Tuesday, 8 June 2010

A to Z: K is for Kinetic

Welcome to COMICFLIPPER! I'm Max Barnard, I write about comics (for the most part). If you're new or have just not checked out this site in a while (it's been a while longer than forever since I last updated), this is the 11th entry in my A to Z of Comics, wherein I highlight a comic from each letter of the alphabet in the hope of learning something, encouraging others to read the title, or as was the case last time, suffering horrendous pain from one of the worst comics of ALL TIME. Hopefully you'll stick around for the ride, or at least find something interesting about these articles. Okay, we good? Let's go.

I'm probably not the first person you'd think of when you're trying to name people who like realistic elements in comics. In fact I'm not even the FIFTIETH person you'd think of, but that's more because you barely know me rather than any lack of affinity for realism. Still, once in a while I'm struck by some sort of 'powers-that-be' and really just want something different, that feels like it could be rooted in OUR world, no matter the unusual aspects of the book.

I've turned to many books over time looking for this fix, and for the most part have been left cold. From Kickass (which I swear is the SECOND worst comic book I've ever read) and its unrealistic physics and hilariously pathetic pandering, to Scott Pilgrim, which whilst brilliant just feels too disconnected from reality and silly to sate my need for a realistic comic. There's the occasional gem like Phonogram that feels so realistic I might actually start believing in Phonomancy and the power of music, and indeed the book I'm about to go on about now.

That book is Kinetic and SOCKAMAGEE is this stuff brilliant.



Kinetic is an 8-issue limited series from DC's now entirely defunct DC Focus, a delightful little imprint that seemed to mostly be remembered for dealing with superpowers in a non-superhero related manner. To be honest though it's mostly not remembered at all, because no-one bought anything from it, hence it being defunct. The most memorable title from the line was probably Hard Time, a series about psionic powers and high school or something (I don't know, I've never heard of it before shut up), in that it escaped the Focus imprint and managed 7 issues as just a normal DC comic. But I digress, let's look at the plot, shall we?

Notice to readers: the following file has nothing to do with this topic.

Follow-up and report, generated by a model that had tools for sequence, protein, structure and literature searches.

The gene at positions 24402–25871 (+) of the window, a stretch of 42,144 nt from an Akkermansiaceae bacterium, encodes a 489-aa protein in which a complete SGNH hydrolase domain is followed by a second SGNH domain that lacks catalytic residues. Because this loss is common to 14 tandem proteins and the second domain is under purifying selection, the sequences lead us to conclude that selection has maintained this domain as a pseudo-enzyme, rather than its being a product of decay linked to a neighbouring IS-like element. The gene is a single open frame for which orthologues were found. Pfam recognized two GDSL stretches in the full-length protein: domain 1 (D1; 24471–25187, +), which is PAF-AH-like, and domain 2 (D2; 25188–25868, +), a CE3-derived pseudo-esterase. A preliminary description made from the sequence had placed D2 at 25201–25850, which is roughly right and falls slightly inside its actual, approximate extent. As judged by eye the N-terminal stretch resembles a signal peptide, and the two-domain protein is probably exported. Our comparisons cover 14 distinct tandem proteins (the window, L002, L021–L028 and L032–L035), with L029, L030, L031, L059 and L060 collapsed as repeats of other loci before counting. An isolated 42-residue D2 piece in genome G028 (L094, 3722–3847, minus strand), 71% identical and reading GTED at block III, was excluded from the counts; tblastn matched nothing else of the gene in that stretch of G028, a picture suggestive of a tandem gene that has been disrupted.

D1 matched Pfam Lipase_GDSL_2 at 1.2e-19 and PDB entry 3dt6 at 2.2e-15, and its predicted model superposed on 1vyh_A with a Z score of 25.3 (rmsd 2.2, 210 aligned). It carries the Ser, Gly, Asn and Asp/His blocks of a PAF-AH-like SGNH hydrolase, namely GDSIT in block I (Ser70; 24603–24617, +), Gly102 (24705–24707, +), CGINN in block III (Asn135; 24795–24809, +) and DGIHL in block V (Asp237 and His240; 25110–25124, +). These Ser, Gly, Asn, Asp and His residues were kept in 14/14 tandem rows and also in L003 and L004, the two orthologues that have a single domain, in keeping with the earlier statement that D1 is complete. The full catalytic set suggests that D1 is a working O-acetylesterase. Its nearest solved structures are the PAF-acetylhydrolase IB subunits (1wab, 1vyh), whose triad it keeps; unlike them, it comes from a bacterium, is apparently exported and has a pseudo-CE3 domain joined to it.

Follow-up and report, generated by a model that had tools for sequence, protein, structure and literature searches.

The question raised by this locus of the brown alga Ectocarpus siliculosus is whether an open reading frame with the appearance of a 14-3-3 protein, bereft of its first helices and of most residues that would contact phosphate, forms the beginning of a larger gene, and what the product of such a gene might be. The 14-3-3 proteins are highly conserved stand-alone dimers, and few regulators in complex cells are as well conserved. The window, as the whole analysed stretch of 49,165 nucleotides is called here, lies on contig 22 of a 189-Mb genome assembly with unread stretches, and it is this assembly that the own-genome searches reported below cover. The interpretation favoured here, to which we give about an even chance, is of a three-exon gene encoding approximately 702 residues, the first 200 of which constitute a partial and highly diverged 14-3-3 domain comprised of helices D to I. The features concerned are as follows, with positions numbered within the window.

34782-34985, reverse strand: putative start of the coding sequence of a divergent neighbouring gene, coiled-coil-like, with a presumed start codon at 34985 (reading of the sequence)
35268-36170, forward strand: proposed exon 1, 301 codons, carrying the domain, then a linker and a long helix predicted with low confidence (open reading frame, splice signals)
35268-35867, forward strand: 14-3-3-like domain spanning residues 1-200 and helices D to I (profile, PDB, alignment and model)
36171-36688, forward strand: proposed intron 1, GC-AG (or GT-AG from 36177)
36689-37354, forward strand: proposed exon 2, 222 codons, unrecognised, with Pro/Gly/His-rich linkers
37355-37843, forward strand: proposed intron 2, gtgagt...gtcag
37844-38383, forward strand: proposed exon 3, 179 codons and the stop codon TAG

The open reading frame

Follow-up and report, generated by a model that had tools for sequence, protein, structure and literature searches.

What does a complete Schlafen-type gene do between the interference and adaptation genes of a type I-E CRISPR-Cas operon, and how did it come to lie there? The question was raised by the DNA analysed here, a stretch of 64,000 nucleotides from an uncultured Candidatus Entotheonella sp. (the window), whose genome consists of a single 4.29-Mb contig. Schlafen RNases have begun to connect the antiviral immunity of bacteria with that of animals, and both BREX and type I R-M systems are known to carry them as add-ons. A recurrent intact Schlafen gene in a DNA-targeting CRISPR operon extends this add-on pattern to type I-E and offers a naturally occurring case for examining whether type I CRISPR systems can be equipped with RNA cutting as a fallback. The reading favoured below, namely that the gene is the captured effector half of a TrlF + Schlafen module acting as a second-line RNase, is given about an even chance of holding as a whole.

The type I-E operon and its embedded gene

Kinetic follows one Tom Morell, a high-school aged dude who suffers from no end of medical issues from Hemophilia, to Muscular Dystrophy, and even Diabetes. Basically the poor boy has a shitty quality of life because of this and he despises it. Everyone at school treats him like shit and his mother is far more over-bearing than anyone needs a mother to be at that age. Anyway it all gets too much for poor Mr. Morell and he decides the best solution is to step in front of a truck. Rather surprisingly he survives this without as much as a scratch (which is more than can be said for the truck driver, who rather spectacularly flies out of the truck's cabin). In fact let's break from this summary to show that:

SHIIIIIIIIIIIIIIIIIIIIIIIT, that's INSANE!

*Ahem* Anyway, where was I? Oh yeah, what follows being hit by the truck. Understandably in complete shock from these events, Morell goes home and sleeps. The next day he gets his usual life-saving injection and seizes from it, because as it turns out he doesn't need it anymore, for he's now super-powered and stuff. Later on his mother discovers his powers and after some initial shock completely breaks out of her restricted life, becoming disconnected from her son and finally exploring romance again after so long.

In the meantime Morell tries to enjoy his life now he's free from all his problems and is thoroughly disappointed, and in fact has several problems on the way, such as feeling guilty about peeping on the girl he likes and feeling so guilty he has to tell her. Not only that but in all his angsting he finally realises that the truck driver is probably dead now, which is not only incredibly sad but gives him even more reason to angst (there's a LOT of angst in this). All in all it comes to a head when he realises he used to be special, and has lost that now he can live life like a normal person and decides... to be... A SUPERHERO.... For all of a few pages. Ya know, because being a superhero would be stupid.
Clearly the best superhero mask anyone has ever worn in the history of comics!